There was a short article in the Make Newsletter yesterday about how to decide if you need Arduino or Raspberry Pi, and I thought it might be interesting to others as well. The basic question is "How much computer processing do I need?" In very simplified terms, an Arduino micro controller is good at running one or two tasks - they use the illustration of monitoring a moisture probe to determine if your plants need watering. The Arduino could be programmed to check moisture content and send a Tweet to let you know it's time to water the plants. The
I was surprised and honored when Kim Andrew Elliot contacted me about mentioning this blog on the weekly Voice of America (VOA) Radiogram with regard to my recent post about Russia's attempt to shut down the Internet. The VOA Radiogram has been an ongoing experiment in sending digital mode text and images using the Edward R. Murrow transmitting station in North Carolina. The idea behind this is to have a backup means of getting emergency communications out around the world to folks who might not be able to receive voice transmissions during difficult propagation times. The digital modes can be
Readers of this blog will know I am keenly interested in promoting shortwave radio as both an important information source and a means of defense against government-controlled media access. A recent report in the British publication The Telegraph revealed there have been several tests run by the Russian government to see if the Internet could be shut down should a political need arise. This should not really come as a surprise since China has done the same thing in the past, but it does point once again to the limits of any system dependent on wires. I realize the majority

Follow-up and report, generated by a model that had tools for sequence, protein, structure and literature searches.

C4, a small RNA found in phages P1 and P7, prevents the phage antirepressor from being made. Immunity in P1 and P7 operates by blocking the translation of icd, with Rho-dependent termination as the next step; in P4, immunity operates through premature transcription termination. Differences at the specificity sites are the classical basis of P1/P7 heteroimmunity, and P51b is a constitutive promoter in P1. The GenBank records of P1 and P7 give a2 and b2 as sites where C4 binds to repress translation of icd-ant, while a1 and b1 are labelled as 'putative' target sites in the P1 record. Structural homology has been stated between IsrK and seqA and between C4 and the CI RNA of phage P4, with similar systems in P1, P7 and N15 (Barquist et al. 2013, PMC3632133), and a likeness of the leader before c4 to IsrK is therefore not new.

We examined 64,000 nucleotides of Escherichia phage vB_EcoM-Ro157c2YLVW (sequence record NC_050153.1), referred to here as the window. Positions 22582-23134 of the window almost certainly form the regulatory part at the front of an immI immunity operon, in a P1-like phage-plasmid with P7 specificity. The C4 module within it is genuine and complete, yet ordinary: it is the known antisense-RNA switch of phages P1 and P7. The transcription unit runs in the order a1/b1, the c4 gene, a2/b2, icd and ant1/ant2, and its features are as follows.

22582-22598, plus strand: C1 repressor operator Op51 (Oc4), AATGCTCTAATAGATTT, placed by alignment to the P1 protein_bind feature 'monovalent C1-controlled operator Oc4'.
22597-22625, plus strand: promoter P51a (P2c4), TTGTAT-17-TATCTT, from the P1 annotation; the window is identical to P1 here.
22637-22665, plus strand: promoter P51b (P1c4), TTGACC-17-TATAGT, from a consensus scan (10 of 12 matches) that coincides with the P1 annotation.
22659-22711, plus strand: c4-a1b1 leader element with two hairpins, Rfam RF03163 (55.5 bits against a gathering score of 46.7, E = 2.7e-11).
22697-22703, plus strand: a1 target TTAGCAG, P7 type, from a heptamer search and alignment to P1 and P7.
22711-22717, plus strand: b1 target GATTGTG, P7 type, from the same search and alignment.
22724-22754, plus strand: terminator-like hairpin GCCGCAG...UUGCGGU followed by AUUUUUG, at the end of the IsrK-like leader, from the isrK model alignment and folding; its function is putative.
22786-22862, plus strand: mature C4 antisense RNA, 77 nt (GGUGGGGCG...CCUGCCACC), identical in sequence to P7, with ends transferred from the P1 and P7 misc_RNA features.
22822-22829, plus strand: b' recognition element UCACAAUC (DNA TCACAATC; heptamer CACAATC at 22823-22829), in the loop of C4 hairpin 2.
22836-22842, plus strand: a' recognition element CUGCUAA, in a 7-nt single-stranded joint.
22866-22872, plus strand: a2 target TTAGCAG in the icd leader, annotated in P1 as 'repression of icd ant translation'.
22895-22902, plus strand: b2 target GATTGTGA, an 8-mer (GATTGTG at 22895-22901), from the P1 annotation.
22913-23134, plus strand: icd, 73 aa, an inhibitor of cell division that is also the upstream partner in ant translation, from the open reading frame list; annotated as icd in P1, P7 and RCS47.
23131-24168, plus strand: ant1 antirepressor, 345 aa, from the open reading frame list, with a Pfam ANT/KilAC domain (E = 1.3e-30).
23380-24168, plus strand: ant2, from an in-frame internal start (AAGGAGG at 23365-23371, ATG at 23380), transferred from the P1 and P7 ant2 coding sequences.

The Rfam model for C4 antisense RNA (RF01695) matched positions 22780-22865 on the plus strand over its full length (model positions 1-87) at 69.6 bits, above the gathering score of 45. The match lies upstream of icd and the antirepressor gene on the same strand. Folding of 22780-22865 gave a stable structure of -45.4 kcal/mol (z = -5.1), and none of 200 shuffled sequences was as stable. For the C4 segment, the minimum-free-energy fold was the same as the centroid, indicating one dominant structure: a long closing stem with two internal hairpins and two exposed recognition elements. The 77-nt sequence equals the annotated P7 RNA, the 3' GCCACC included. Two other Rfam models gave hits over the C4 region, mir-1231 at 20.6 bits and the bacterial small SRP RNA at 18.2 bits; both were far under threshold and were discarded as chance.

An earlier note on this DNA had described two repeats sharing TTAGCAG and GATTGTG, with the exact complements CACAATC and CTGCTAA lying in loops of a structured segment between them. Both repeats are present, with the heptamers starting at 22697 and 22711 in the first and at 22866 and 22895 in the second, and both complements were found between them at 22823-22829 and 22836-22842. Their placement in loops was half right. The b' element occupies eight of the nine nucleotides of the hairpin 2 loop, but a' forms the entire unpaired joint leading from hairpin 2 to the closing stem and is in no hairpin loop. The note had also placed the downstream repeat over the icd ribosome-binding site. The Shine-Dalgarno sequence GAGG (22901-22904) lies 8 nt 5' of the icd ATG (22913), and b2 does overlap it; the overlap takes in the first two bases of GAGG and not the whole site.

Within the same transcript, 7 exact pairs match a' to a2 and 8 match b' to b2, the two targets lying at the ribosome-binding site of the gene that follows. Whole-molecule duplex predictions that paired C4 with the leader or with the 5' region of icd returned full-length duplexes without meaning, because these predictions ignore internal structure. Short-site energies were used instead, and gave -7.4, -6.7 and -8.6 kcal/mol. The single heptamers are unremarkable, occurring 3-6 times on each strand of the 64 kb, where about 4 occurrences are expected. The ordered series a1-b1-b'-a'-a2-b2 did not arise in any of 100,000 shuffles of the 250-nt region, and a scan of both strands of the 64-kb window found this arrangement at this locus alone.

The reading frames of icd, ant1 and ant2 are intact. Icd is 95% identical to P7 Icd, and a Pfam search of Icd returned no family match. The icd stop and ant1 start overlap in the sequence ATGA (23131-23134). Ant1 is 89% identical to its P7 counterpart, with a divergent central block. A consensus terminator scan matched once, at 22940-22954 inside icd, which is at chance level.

Here is a post from the great Spaceweather.com site talking about current aurora activity which might produce unsettled RF conditions. This can also mean some unusual propagation opportunities could exist for extended HF and VHF due to high ionization of the upper atmosphere. While such activity makes most HF listening difficult, sometimes 10 meters and above actually open up, however erratically, and contacts can be made that would not normally be possible. If using some of the digital modes such as weak-signal modes, even more contacts can be logged. Might be worth a try . . . . "URBAN AURORAS"